Exponent Philanthropy just published the first of a two-part series on how funders can better connect to the communities they work in. The series was co-authored by colleague David Moore (Moore Strategic Consulting) and myself. Here is the first installment.
Part 1: How Funders Can Strengthen Connections To Community; Seeing Your Community and Navigating Relationships
September 11, 2020 David Moore, Jeff Glebocki
As practitioners, advisors and consultants to funders, conveners and conductors of community collaboration, we have observed collaboration and collective impact in communities across the country. From our on-the-ground experience, we have seen it done well, and not so well.
In this first of a two-blog series, we’ll provide several guideposts about how funders can better see the communities they are working in and more effectively navigate their relationships in those communities.
Identify and understand community knowledge
Don’t assume you have a clear understanding of the everyday reality in a community because you talked to a few people there. You have to dig deep and listen for different kinds of knowledge and experience on issues. Rarely is a problem or a solution so new that no one else has been looking at it. Someone is working on this issue somewhere, maybe in a part of your community you’re less familiar with. Often, as you dig in to first learn about the problem, you will discover different angles, and may well find ways to add value instead of overtaking existing efforts.
Seek out data for learning
Be careful as you acquire and consider data—we have seen it both over and undervalued. Easy accessibility to data doesn’t mean it’s presented in a way that illuminates the dimensions of community issues. Data has to add meaning, and we have to learn to ask the right questions. We need to use data to check our assumptions and we need to understand what’s really behind the data:
- Ask for data to be broken down into different subgroups and dimensions. Aggregate city, county, or state data is rarely informative enough to drive a strategy.
- Go beyond percentages. When somebody tells you 15% of young people have this problem, ask, “Is that 200 people or 20,000?” We miss scale when we’re looking at percentages.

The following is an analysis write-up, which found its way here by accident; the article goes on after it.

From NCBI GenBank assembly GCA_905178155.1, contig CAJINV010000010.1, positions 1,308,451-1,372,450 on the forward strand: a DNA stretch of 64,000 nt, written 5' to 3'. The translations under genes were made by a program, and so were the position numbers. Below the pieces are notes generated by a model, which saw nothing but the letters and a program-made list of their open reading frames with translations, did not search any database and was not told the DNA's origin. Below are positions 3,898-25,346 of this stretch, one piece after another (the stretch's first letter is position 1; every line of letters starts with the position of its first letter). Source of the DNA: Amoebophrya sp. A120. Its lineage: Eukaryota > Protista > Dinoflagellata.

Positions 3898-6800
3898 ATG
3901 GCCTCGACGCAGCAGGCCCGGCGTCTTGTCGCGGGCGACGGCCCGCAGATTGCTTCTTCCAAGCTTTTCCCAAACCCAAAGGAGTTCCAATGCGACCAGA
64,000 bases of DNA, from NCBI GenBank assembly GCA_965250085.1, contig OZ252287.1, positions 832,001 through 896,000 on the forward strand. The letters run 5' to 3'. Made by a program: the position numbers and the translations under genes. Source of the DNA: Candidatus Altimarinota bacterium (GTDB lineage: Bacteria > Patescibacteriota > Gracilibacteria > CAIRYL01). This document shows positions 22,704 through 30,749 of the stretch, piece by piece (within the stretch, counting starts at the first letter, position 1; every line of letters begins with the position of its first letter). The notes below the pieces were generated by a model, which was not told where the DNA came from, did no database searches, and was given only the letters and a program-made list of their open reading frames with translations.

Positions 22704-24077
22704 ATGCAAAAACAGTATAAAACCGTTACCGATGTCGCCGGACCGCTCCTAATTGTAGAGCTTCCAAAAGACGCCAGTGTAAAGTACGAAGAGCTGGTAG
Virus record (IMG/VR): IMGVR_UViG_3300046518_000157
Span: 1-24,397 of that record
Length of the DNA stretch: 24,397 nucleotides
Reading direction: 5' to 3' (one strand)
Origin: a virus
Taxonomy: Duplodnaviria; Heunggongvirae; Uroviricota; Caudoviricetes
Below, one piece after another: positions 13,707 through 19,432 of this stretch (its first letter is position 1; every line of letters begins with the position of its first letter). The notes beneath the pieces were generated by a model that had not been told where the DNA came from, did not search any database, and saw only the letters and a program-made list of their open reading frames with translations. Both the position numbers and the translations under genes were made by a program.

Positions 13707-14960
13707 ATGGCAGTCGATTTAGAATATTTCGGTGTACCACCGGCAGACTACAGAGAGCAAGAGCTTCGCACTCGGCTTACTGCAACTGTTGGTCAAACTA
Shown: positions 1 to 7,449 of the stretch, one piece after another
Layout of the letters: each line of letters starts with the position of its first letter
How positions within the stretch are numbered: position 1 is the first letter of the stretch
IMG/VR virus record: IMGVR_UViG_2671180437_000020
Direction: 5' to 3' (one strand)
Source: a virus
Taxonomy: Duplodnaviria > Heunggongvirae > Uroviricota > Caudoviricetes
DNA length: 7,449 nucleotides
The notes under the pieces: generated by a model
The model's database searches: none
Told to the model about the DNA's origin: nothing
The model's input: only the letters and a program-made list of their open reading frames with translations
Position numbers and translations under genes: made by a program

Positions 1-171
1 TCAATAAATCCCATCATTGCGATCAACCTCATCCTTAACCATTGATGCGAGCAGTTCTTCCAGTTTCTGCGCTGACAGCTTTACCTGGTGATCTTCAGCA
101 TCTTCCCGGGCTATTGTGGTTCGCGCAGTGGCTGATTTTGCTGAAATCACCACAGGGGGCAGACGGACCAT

- Consider cohorts. When your data source includes data over time, be sure to ask to see data on the same people over time. For example, a school that has 50% of kids reading on grade level in 3rd grade, what was that group of kids like when they arrived in Kindergarten? In 1st or 2nd? What has happened to the same kids over time?
Avoid “picking winners”
When you work to support making collaboration happen, you have to pay close attention to competitive dynamics tied to receiving support. Take your time to find out who is really moving the issue on the ground, not just those who can quickly sound articulate about your challenge. This is a key place to watch your biases on who you know because it’s easy to tap people already in your network. To get collaboration right, you may need to support new partners who can create forward movement.
One approach to consider is to follow the lead of the community most effected by the issue. Consider how you can engage community members more authentically in planning, decision-making and the allocation of resources.
It’s about relationships built on trust
To move the needle on community issues, we have to build trusting relationships that will sustain change over time. It’s easy to focus on action and results while not tending to the trust building needed to make things last. Take time to create intentional efforts to build trust. Many communities are tired of talking about problems, seeing studies undertaken, and having private and public sector funders come and go—so understand why they may not trust you coming to the table to insert your thinking.
Take a cue from international relations, and create confidence building measures. Start by doing small things together; this action itself will help all parties learn how to work together. Measure and monitor these relationships just like you can measure and monitor outcomes. Focus on building trust and relationships as much as changing a specific community outcome.
David Moore is President of Moore Strategic Consulting. He has more than 25 year of experience in the nonprofit and education sector, leading organizations, teams and partnerships. He has a track record as an effective leader within nonprofit organizations, as well as a trusted advisor providing strategic leadership, investment strategy design, and leadership development. His email is firstname.lastname@example.org.
Jeffrey M. Glebocki is Founder & Lead Advisor of Strategy + Action/Philanthropy. He is Foundation Coordinator for the Doll Family Foundation, and has served as executive and senior program staff for several private and family foundations. He is on the faculty of Exponent Philanthropy and a former Exponent Philanthropy board member. His email is email@example.com.